(Roughly) Daily

Posts Tagged ‘Steve Wozniak

“If people had understood how patents would be granted when most of today’s ideas were invented, and had taken out patents, the industry would be at a complete standstill today.”*…

From the Wright Brothers’ patent filings (source)

… It’s illuminating to point out that all three transformative technologies of the twentieth century – aviation, the automobile, and the digital computer – started off in patent battles and required a voluntary suspension of hostilities (a collective decision to ignore patents) before the technology could truly take hold.

The Wright brothers won every patent case they fought, and it did them absolutely no good. The prospect of a fortune wasn’t what motivated them to build an airplane, but ironically enough they could have made a fortune had they just passed on the litigation. In 1905, the Wrights were five years ahead of any potential competitor, and posessed a priceless body of practical knowledge. Their trade secrets and accumulated experience alone would have made them the leaders in the field, especially if they had teamed up with Curtiss. Instead, they got to watch heavily government-subsidized programs in Europe take the technical lead in airplane design as American aviation stagnated.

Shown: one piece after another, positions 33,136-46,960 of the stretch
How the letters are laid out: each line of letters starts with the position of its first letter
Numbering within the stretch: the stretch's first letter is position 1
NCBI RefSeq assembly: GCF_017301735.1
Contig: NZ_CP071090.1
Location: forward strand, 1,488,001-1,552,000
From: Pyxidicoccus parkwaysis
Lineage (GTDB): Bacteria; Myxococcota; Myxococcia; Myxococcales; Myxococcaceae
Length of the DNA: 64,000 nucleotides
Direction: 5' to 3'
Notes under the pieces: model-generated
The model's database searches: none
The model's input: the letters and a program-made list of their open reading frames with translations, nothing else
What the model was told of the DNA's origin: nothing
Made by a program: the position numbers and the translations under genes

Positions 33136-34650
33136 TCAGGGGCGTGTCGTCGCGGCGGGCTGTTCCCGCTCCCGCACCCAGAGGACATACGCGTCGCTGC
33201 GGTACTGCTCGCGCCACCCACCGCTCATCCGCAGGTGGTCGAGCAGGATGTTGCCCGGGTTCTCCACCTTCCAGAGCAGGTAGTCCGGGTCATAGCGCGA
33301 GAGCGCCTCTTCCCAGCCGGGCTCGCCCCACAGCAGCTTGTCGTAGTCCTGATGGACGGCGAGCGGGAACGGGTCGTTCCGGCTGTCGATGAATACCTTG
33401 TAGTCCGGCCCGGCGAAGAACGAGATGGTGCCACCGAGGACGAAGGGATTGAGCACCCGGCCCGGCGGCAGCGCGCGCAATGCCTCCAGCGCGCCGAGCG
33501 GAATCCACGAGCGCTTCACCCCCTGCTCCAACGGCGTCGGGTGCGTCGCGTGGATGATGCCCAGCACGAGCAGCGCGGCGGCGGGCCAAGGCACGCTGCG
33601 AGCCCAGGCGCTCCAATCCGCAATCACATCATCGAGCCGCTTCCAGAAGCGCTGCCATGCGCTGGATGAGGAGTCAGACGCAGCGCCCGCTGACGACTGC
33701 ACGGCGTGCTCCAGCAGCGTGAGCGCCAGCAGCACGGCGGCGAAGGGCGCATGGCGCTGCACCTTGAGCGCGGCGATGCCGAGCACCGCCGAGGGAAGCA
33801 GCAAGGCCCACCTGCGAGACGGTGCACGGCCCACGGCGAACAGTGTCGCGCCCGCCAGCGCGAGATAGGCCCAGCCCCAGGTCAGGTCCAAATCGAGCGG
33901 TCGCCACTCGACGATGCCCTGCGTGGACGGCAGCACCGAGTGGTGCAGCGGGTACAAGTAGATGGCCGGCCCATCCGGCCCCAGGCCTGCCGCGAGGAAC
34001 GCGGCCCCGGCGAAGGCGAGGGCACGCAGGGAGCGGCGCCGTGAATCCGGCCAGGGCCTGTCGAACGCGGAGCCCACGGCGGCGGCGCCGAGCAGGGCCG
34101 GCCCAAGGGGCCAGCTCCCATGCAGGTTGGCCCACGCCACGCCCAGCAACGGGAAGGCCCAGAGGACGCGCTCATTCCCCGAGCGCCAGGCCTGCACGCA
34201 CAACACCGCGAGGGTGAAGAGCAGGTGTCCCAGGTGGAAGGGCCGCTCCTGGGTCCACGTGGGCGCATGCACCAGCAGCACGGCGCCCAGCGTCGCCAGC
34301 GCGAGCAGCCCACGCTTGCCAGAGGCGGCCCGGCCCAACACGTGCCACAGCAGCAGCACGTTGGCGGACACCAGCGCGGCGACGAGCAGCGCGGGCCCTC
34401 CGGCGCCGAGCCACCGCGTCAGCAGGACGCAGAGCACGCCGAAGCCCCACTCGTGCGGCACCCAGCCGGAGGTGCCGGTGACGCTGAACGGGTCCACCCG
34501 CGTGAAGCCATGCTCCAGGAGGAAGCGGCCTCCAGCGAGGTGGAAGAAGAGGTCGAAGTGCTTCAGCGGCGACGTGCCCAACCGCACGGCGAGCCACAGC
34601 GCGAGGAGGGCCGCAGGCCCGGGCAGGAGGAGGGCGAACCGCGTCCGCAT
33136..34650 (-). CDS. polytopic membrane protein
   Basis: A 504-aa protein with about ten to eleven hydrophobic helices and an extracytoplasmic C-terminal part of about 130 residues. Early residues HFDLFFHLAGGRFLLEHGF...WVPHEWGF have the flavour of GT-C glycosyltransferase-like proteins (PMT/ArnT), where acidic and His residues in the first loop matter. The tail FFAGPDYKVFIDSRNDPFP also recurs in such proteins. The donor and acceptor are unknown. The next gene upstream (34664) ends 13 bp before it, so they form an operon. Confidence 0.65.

If you are someone who believes that the Internet and computer software are a transformative technology on a par with aviation, you may find it interesting to note that there is now a patent cease-fire in effect in the world of software, the occasional high-profile infringement case notwithstanding. The reason for the cease-fire is simple: if companies like IBM, Xerox, and Sun were to begin fully enforcing their patent portfolios, it would mean an apocalypse of litigation for all software developers. Everyone understands that the health and growth of the Internet are contingent on ignoring the patent system as much as possible.

At the same time, more patents are being granted than ever before, for broader claims, and with an almost complete disregard for prior art. Entire companies – and not just legal firms – are basing business models on extracting money from the patent system without actually creating any products. And the boundaries of patent law are expanding. For the first time in history, it’s possible to patent pure mathematical ideas (in the form of software patents), or even biological entities. The SARS virus was patented shortly after being isolated for the first time.